Whatever method you use to set up your e-mail, be sure not to give the same name to two accounts—Mail will get confused and copy the settings from one account to the other. And you can’t fix the situation by simply renaming one account; instead, you’ll need to delete one of the accounts and then recreate it. It’s also worth noting that although you can set up Mail to work with a Gmail account—presuming you’ve enabled POP access for that account on the Gmail site—we experienced numerous glitches.
…and if you choose Other, you need to fill in various fields.
To read and send e-mail, tap the Mail button on the iPhone’s Home screen. If you have multiple accounts, you’ll see a list of them on the Accounts screen; tap an account to see its list of folders (for example, Inbox, Drafts, Sent, Trash). Tap Inbox to view messages in the Inbox of that account. As with most iPhone programs, Mail returns you to the screen you were viewing when you last used it. Throughout Mail, tapping the left-arrow button at the top of the screen takes you “up” a level; repeatedly tapping this button will eventually get you to the main Accounts screen.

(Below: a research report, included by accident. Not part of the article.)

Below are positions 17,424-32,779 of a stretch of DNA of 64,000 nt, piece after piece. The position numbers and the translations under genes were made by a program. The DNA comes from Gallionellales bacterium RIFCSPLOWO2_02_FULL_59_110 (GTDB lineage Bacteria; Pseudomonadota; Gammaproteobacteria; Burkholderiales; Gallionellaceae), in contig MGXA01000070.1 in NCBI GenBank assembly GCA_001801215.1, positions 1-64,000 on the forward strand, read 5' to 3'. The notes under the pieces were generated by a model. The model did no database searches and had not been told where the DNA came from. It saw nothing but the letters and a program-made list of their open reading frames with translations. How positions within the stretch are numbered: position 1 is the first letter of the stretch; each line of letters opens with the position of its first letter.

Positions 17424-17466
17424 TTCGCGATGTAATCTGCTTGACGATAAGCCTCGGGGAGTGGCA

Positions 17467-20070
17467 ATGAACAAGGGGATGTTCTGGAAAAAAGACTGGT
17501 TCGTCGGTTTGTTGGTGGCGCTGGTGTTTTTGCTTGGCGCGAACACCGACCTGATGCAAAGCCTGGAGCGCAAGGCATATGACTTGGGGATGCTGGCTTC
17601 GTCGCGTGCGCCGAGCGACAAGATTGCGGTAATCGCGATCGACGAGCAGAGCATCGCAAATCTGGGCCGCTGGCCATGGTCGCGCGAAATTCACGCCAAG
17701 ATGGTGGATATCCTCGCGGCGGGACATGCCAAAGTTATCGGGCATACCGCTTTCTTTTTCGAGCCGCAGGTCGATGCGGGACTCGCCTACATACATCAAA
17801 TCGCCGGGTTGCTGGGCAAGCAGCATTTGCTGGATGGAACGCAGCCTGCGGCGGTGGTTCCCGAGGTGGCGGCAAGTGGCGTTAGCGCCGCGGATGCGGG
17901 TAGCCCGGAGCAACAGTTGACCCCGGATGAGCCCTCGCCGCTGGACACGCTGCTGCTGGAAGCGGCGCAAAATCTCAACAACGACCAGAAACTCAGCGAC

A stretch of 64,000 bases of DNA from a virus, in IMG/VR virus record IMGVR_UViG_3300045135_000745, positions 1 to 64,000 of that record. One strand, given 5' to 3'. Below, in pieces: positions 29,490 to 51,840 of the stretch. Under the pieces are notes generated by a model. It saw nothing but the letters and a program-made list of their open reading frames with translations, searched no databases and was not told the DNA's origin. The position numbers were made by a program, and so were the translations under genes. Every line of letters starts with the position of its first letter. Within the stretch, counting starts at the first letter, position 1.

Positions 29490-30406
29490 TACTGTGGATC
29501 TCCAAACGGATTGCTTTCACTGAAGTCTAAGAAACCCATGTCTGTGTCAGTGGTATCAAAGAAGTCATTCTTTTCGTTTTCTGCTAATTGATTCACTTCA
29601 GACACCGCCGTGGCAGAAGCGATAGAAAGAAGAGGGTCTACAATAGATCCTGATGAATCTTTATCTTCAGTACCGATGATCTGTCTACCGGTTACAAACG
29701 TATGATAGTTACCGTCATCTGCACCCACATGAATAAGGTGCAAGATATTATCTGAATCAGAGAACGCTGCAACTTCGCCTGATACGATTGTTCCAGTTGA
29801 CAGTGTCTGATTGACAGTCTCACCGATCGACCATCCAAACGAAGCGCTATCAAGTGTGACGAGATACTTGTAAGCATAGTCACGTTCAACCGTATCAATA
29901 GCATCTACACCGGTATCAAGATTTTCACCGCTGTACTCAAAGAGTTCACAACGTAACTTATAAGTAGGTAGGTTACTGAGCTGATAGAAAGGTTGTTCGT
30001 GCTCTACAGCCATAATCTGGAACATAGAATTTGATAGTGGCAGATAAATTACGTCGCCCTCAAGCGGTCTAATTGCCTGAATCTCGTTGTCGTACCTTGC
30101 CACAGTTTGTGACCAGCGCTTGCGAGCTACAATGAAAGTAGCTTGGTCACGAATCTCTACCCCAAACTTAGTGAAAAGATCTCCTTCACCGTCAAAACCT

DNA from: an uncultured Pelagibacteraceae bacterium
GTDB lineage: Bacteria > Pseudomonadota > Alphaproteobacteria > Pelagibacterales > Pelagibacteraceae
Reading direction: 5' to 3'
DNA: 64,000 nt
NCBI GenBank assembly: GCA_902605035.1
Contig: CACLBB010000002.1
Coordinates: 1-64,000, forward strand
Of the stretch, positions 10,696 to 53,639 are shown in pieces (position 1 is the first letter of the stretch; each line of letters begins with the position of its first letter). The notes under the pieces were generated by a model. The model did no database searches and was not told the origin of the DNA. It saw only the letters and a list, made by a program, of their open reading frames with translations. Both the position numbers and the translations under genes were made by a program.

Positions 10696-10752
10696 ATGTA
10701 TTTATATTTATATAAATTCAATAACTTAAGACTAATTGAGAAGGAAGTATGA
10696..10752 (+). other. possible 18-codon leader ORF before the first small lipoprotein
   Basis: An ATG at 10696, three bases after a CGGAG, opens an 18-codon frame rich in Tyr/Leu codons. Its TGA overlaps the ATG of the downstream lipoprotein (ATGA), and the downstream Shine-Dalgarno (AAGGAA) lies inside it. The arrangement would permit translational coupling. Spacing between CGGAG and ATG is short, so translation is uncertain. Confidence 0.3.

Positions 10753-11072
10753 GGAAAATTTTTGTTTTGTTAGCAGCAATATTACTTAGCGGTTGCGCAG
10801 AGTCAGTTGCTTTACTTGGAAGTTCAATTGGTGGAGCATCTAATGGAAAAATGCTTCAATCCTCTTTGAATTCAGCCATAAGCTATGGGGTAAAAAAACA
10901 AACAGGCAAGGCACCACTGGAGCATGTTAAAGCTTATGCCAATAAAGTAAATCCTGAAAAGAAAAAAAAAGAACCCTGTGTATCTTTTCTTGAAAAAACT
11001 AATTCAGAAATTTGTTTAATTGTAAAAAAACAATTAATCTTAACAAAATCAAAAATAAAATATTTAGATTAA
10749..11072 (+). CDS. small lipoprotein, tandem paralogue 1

Viewing the Inbox for an account also checks the account for new e-mail. In fact, if you have an Account set to check for mail manually, as opposed to on a schedule (via the Mail section of the Settings screen), this is one way to perform such a manual check; the other is to click the circular-arrow button at the bottom of the screen in an account. However you have Mail set to check, the Mail button on the iPhone’s Home screen displays the number of unread messages.
Note that larger messages—Apple doesn’t say how big—aren’t downloaded completely; instead, when viewing such messages, you’ll see a button to download the entire message. This works well, although there’s one scenario in which it can be confusing. If you download the initial part of a POP message on your iPhone, then download and delete the entire message using your Mac’s e-mail client you’ll still see the partially downloaded message on the iPhone, along with a generic message that the entire e-mail hasn’t been downloaded. However, there will be no way to download the rest, since the message was deleted from the server by your desktop client.